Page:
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guitar tuning and neck tension

PostPosted: Sun Dec 12, 2010 10:02 am
by rafchord
Hi,

I have heard that guitar neck is built in order to resist to the specific tension caused by strings tuned in standard tuning.
If you leave your guitar several days in a different tuning (open G, etc) the neck might curve.

Is that true?

thanks

Re: guitar tuning and neck tension

PostPosted: Tue Dec 14, 2010 1:47 pm
by rustyslide
rafchord wrote:I have heard that guitar neck is built in order to resist to the specific tension caused by strings tuned in standard tuning.


There's an adjustable truss rod for a reason. The neck will accommodate any range of tunings/gauges (tension) that the truss rod allows (whatever that is).

If you leave your guitar several days in a different tuning (open G, etc) the neck might curve.


A guitar is set up (intonation, action, relief) for a particular string gauge and tuning. If you reduce the tension (e.g. standard down to open G or open D), then yes, the neck will have less relief. I've never noticed anything from such a slight change, though.

So, leave your guitar in open G for as long as you like.

Re: guitar tuning and neck tension

PostPosted: Tue Dec 14, 2010 2:50 pm
by allanlummox
I'd be more concerned about leaving them in standard tuning at this point - although, after many years in only open G and D based tunings my old Gibson acoustic has been in Standard for about a year now - with string gauges that feel like spiderwebs to me.

Set it up for Standard to accommodate a friend who comes over to jam once in a while - I'm finding myself picking it up and playing arrangements I haven't touched in years.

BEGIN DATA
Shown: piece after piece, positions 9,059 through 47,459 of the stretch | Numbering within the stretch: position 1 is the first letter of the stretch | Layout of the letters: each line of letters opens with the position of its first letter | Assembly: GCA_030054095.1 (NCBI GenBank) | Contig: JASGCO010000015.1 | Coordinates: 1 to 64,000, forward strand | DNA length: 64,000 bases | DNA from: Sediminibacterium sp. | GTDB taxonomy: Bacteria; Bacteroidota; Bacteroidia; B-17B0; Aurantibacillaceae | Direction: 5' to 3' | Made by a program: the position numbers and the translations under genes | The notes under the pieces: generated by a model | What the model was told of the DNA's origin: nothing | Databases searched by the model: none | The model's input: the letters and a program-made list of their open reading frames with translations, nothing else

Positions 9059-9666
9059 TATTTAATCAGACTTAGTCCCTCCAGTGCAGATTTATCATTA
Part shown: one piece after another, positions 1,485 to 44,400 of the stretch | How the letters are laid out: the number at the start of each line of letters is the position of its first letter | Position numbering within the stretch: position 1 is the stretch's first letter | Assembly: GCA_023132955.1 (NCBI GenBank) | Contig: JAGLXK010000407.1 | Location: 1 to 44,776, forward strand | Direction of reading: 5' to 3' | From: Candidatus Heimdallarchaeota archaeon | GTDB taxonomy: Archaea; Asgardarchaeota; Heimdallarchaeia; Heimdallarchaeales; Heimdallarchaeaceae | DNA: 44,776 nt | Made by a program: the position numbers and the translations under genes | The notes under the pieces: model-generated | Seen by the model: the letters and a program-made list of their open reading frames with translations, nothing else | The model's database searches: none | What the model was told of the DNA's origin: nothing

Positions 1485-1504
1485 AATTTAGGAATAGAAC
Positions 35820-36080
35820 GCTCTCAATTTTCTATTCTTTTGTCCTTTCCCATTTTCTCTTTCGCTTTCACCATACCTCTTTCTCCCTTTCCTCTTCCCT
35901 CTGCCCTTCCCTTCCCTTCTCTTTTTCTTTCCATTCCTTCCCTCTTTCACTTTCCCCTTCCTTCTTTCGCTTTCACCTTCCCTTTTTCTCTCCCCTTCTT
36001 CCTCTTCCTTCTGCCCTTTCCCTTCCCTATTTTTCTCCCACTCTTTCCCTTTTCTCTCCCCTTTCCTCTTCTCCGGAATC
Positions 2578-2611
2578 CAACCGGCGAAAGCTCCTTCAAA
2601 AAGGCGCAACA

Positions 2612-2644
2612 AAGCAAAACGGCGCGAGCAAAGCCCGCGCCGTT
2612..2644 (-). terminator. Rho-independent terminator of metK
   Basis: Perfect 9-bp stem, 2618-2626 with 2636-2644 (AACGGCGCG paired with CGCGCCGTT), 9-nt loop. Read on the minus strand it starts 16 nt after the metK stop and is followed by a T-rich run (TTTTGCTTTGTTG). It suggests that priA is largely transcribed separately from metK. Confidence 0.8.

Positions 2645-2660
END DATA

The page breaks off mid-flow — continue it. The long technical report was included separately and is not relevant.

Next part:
Re: guitar tuning and neck tension

PostPosted: Tue Dec 14, 2010 4:32 pm
by zhyla
As lummox hints at, open G and D tunings are lower overall tension than standard E. For most guitars I wouldn't worry too much as long as you stay in open A/E or lower.

Re: guitar tuning and neck tension

PostPosted: Tue Dec 14, 2010 10:07 pm
by rustyslide
I'm still leery of tuning my flattops (with .012s) up to open E or A due to the bridge.

Re: guitar tuning and neck tension

PostPosted: Wed Dec 15, 2010 4:55 am
by zhyla
rustyslide wrote:I'm still leery of tuning my flattops (with .012s) up to open E or A due to the bridge.


Right, I always forget about the flattops. I should get one of those some day :).

Re: guitar tuning and neck tension

PostPosted: Wed Dec 15, 2010 8:19 pm
by kiwiblues
My National Resophonic Style O is one of their early ones and doesn't have a truss rod.
I sometimes have it in E or A but don't like to leave it in that too long just in case.
If I am not using it for a while I usually leave it in D or G.
rustyslide wrote:I'm still leery of tuning my flattops (with .012s) up to open E or A due to the bridge.

Re: guitar tuning and neck tension

PostPosted: Thu Dec 16, 2010 5:29 am
by texas blues
rafchord wrote:Hi,

I have heard that guitar neck is built in order to resist to the specific tension caused by strings tuned in standard tuning.